Photos: When L.A.'s Most Famous Streets Were Dirt Roads

Sunset Boulevard at Gower in 1907. Courtesy of the Photo Collection - Los Angeles Public Library.

Like some of the very people who drive on them, a few Los Angeles streets have achieved the height of fame. Sunset Boulevard lent its evocative name to Billy Wilder's classic film noir. Pasadena's Colorado Boulevard appears on millions of television screens each New Year's Day as the route of the Rose Parade. And to many around the world, Pacific Coast Highway instantly conjures up images of surfers, convertibles, and movie stars. (In L.A., we're more likely to think of traffic, wildfires, and landslides.)

But fame belies the humble origins of these celebrity streets. Horses once casually left droppings where shoppers stroll today along Santa Monica's Third Street Promenade. A dusty wagon road alongside the Ostrich Farm Railroad eventually became Sunset Boulevard. A century ago, Los Angeles was a much emptier place, and what today are major thoroughfares were then dusty cow paths through open countryside or pockmarked roads rutted by wagon wheels.

Even in dense downtown Los Angeles, street conditions brought complaints to Angelenos' lips. "After heavy winter rains mud was from six inches to two feet deep," groaned merchant Harris Newmark in his memoirs, "while during the summer, dust piled up to about the same extent." Mud often mingled with contributions from livestock. Dust was such a problem that street sprinkling enterprises were counted among the city's public utilities. Angelenos like Newmark would have to wait until 1887 for the city's first paved streets: Main, Spring, and Fort (now Broadway).

Macadam paving, followed by concrete and asphalt surfaces, eventually helped Los Angeles' roads shake their rustic character. But the following images -- culled from the region's rich photographic archives -- show some of Southern California's most famous streets before they achieved stardom.

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Note: Despite the title, not all the photos here necessarily depict unpaved roads. As Matthew Roth of the Automobile Club of Southern California Archives noted in an email, "dirty roads with a lot of gravel strewn across them" are often mistaken for dirt roads.

Sunset Boulevard

Sunset Boulevard in Hollywood, ca.1905. Courtesy of the USC Libraries - California Historical Society Collection.

Sunset Boulevard at Normandie, ca. 1900. Courtesy of the USC Libraries - California Historical Society Collection.

Hollywood Boulevard

Hollywood Boulevard at its intersection with Sunset in 1904. Courtesy of the Photo Collection - Los Angeles Public Library.

Hollywood Boulevard at Grand in 1907. Courtesy of the Photo Collection - Los Angeles Public Library.

Wilshire Boulevard

Racing automobiles turn onto Wilshire Boulevard, then named Nevada Avenue, from Ocean Avenue in Santa Monica in 1910. Courtesy of the USC Libraries - California Historical Society Collection.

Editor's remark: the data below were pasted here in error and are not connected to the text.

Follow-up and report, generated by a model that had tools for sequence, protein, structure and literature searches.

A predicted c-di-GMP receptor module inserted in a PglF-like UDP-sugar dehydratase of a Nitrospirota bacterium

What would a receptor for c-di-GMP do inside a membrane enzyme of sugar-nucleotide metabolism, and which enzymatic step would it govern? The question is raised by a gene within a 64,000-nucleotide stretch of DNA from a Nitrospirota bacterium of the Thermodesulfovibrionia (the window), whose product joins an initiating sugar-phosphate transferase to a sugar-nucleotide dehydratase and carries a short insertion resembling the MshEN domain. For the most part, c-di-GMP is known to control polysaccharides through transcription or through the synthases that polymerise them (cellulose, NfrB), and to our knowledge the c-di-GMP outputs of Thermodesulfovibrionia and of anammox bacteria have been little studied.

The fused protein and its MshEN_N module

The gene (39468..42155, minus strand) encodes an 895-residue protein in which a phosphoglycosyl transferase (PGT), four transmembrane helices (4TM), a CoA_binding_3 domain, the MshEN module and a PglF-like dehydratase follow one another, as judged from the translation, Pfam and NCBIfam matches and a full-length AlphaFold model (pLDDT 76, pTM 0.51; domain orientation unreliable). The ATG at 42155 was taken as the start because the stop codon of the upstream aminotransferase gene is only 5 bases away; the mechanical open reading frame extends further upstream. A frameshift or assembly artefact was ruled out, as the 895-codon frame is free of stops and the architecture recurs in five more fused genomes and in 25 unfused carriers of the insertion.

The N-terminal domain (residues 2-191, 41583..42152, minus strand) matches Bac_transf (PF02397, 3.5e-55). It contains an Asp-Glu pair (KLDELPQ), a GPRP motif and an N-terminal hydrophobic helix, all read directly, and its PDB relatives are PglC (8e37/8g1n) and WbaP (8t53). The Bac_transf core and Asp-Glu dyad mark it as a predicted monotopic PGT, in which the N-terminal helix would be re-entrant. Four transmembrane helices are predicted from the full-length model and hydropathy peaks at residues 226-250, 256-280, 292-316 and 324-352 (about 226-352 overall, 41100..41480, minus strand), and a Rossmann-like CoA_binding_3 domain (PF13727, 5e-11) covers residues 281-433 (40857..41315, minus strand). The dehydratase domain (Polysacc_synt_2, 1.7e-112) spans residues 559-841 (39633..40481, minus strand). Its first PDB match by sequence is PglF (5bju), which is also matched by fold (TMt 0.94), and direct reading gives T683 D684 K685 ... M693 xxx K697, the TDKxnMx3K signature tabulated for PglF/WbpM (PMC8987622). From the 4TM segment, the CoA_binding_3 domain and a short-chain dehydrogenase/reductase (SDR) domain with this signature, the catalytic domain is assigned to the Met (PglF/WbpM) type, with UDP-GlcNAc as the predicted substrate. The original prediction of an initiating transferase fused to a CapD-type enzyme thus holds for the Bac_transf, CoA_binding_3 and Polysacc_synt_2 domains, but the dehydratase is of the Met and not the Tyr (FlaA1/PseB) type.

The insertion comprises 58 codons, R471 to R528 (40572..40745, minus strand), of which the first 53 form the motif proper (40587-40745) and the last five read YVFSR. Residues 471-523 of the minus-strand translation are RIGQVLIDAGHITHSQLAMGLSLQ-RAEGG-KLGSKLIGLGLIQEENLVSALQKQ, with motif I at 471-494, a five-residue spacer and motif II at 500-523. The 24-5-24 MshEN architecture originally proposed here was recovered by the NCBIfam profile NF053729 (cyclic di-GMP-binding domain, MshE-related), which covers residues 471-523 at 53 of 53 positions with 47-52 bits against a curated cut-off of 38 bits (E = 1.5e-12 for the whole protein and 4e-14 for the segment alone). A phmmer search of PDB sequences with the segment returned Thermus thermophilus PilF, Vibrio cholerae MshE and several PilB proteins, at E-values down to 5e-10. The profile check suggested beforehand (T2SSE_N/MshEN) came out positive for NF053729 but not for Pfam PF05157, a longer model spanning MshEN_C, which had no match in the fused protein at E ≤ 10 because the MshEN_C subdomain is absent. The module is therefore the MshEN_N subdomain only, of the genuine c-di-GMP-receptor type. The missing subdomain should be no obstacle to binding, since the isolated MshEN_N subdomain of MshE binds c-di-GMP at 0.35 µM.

A 1912 view of Wilshire Boulevard, then named Nevada Avenue, in Santa Monica. Courtesy of the Santa Monica Public Library Image Archives.

Colorado Boulevard (Pasadena)

Circa 1885 view of Colorado Boulevard, then named Colorado Street, looking east toward Pasadena's central business district. Courtesy of the USC Libraries - California Historical Society Collection.

Circa 1890 view of Colorado Boulevard, then named Colorado Street, looking east to Marengo Avenue. Courtesy of the Pasadena Museum of History.

Santa Monica Boulevard

1900 view of Santa Monica Boulevard in Sawtelle. Courtesy of the Photo Collection - Los Angeles Public Library.

Circa 1900 view of Santa Monica Boulevard in present-day Hollywood. Courtesy of the Photo Collection - Los Angeles Public Library.

Third Street (Santa Monica)

Circa 1891 view of Santa Monica's Third Street, looking north from Broadway to Nevada Avenue. Courtesy of the USC Libraries - California Historical Society Collection.

1880 view of the commercial block on Santa Moncia's Third Street between Utah and Oregon avenues. Courtesy of the Photo Collection - Los Angeles Public Library.

1900 view of Third Street at Broadway in Santa Monica. Courtesy of the USC Libraries - California Historical Society Collection.

Pacific Coast Highway (Route 1)

The wagon road that eventually became PCH once passed through a natural formation named Arch Rock. Courtesy of the Photo Collection - Los Angeles Public Library.

This one-lane road along the coast north of Santa Monica, seen here in 1905, eventually became Pacific Coast Highway. Courtesy of the Photo Collection - Los Angeles Public Library.

Hollywood Freeway (Route 101)

An unpaved road crosses Cahuenga Pass along the present-day route of the Hollywood Freeway, circa 1905. Courtesy of the USC Libraries - California Historical Society Collection.

1921 view of the highway through the Cahuenga Pass. Courtesy of the Automobile Club of Southern California Archives.

Three bicyclists ride up the Cahuenga Pass, ca.1897. Courtesy of the USC Libraries - California Historical Society Collection.

L.A. as Subject is an association of more than 230 libraries, museums, official archives, cultural institutions, and private collectors. Hosted by the USC Libraries, L.A. as Subject is dedicated to preserving and telling the sometimes-hidden stories and histories of the Los Angeles region.

About the Author

A writer specializing in Los Angeles history, Nathan Masters serves as manager of academic events and programming communications for the USC Libraries, the host institution for L.A. as Subject.
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